October 30, 2008
Turning Back Clock Has Benefits For Heart
New research shows that turning back the clock one hour for daylight savings time may actually be good for your heart.
The Swedish study found that while adjusting clocks forward one hour during spring increases the risk of myocardial infarction in the following week, setting them back during fall reduces the risk, albeit to a lesser extent.
The researchers examined records dating back to 1987 and found that the number of heart attacks went down on the Monday after clocks were turned back, possibly because people got an extra hour of sleep. In contrast, they found that the average number of heart attacks increased by about five percent during the first week of summer time, possibly due to sleep deprivation from the lost hour of sleep.
"Our data suggest that vulnerable people might benefit from avoiding sudden changes in their biologic rhythms," Drs. Imre Janszky of the Karolinska Institute and Rickard Ljung of the National Board of Health and Welfare told Reuters.
"There's a small increase in risk for the individual, especially during the first three days of the new week," said Dr Janszky.
"The disruption in the chronobiological rhythms, the loss of one hour's sleep and the resulting sleep disturbance are the probable causes."
According to the scientists, the study provides a conceivable explanation for why myocardial infarction is most common on Mondays, as shown by previous research.
"It's always been thought that it's mainly due to an increase in stress ahead of the new working week," said Dr Janszky.
"But perhaps it's also got something to do with the sleep disruption caused by the change in diurnal rhythm at the weekend."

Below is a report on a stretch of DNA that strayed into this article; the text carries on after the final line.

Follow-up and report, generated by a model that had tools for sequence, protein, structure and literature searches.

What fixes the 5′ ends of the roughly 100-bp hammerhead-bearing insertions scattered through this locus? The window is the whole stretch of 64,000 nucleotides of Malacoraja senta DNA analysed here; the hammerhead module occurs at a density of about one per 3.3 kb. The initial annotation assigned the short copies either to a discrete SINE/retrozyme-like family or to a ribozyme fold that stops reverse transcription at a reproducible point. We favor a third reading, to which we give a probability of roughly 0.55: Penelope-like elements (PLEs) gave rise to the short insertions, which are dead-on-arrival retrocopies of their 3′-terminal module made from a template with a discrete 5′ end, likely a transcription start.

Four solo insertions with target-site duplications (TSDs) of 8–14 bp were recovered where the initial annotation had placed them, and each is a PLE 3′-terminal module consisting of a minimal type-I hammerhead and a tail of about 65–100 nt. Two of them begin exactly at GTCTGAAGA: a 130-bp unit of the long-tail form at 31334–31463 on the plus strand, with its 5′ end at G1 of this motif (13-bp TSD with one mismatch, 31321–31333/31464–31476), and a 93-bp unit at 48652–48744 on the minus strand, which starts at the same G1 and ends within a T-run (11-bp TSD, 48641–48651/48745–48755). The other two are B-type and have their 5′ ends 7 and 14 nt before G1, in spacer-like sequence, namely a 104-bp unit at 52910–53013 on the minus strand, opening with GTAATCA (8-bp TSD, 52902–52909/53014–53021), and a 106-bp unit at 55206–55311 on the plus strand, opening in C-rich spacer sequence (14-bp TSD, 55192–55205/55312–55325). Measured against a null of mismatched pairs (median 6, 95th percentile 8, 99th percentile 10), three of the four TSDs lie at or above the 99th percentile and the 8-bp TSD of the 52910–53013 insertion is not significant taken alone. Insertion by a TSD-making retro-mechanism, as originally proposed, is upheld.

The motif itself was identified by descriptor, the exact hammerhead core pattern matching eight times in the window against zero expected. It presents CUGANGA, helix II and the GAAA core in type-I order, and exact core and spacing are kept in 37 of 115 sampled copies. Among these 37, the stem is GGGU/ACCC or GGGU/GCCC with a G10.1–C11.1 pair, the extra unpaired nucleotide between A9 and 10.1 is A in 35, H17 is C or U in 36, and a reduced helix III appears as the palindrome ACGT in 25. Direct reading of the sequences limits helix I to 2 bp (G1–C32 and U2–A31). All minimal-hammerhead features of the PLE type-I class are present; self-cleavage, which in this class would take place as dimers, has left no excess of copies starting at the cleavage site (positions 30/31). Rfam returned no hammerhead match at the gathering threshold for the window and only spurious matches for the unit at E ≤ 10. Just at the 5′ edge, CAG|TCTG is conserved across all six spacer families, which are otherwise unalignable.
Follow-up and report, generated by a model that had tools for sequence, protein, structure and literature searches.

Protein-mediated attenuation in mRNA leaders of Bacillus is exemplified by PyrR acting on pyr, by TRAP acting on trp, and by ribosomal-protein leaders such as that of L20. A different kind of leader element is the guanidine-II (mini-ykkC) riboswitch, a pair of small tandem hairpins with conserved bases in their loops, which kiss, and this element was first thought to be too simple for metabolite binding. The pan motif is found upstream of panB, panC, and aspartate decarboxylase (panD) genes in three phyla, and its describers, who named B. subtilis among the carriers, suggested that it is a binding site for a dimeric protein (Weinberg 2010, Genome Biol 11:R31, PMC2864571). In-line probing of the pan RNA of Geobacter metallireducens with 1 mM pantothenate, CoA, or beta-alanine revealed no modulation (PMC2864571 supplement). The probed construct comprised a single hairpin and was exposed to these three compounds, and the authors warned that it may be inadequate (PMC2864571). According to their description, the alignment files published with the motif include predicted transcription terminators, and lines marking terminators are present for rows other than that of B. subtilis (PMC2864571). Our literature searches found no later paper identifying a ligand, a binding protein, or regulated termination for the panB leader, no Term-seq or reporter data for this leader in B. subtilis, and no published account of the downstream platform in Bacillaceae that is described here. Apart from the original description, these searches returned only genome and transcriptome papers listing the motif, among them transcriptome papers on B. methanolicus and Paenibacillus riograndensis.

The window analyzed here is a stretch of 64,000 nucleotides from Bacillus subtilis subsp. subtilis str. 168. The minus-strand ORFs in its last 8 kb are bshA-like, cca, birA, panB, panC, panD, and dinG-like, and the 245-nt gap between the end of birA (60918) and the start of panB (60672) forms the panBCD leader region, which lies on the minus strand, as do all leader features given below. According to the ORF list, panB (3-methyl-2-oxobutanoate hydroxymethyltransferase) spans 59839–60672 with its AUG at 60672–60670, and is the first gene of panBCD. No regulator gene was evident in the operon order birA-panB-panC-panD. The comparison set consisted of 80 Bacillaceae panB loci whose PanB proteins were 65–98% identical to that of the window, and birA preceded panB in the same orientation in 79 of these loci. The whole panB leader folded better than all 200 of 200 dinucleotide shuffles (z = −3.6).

"The earlier wake-up times on the first workday of the week and the consequent minor sleep deprivation can be hypothesized to have an adverse cardiovascular effect on some people. This effect would be less pronounced with the transition out of daylight saving time, since it allows for additional sleep," the scientists wrote in a letter to the New England Journal of Medicine.
However, the protective effect seen in autumn may last for as little as one day because, "Monday is the day when most of us will use this extra hour," Janszky told Reuters.
The researchers found that women were more vulnerable than men to heart attacks during the spring shift to daylight saving time, and men were more likely to be protected during the Monday in the autumn. They also found the effect was more distinct in those under the age of 65, something Janszky attributes to less flexible schedules among younger people.
"Retired people are more independent from the official time," he said.
Even though the increase and decrease in risk are relatively small for the individual, the team believes that the study can improve our understanding of how disruptions to diurnal rhythms impact on our health.
"Roughly 1.5 billion people are subjected to these clock-shifts every year, but it's hard to make any generalized statement about how many heart attacks they can cause," adds Dr Rickard Ljung, another member of the research team.
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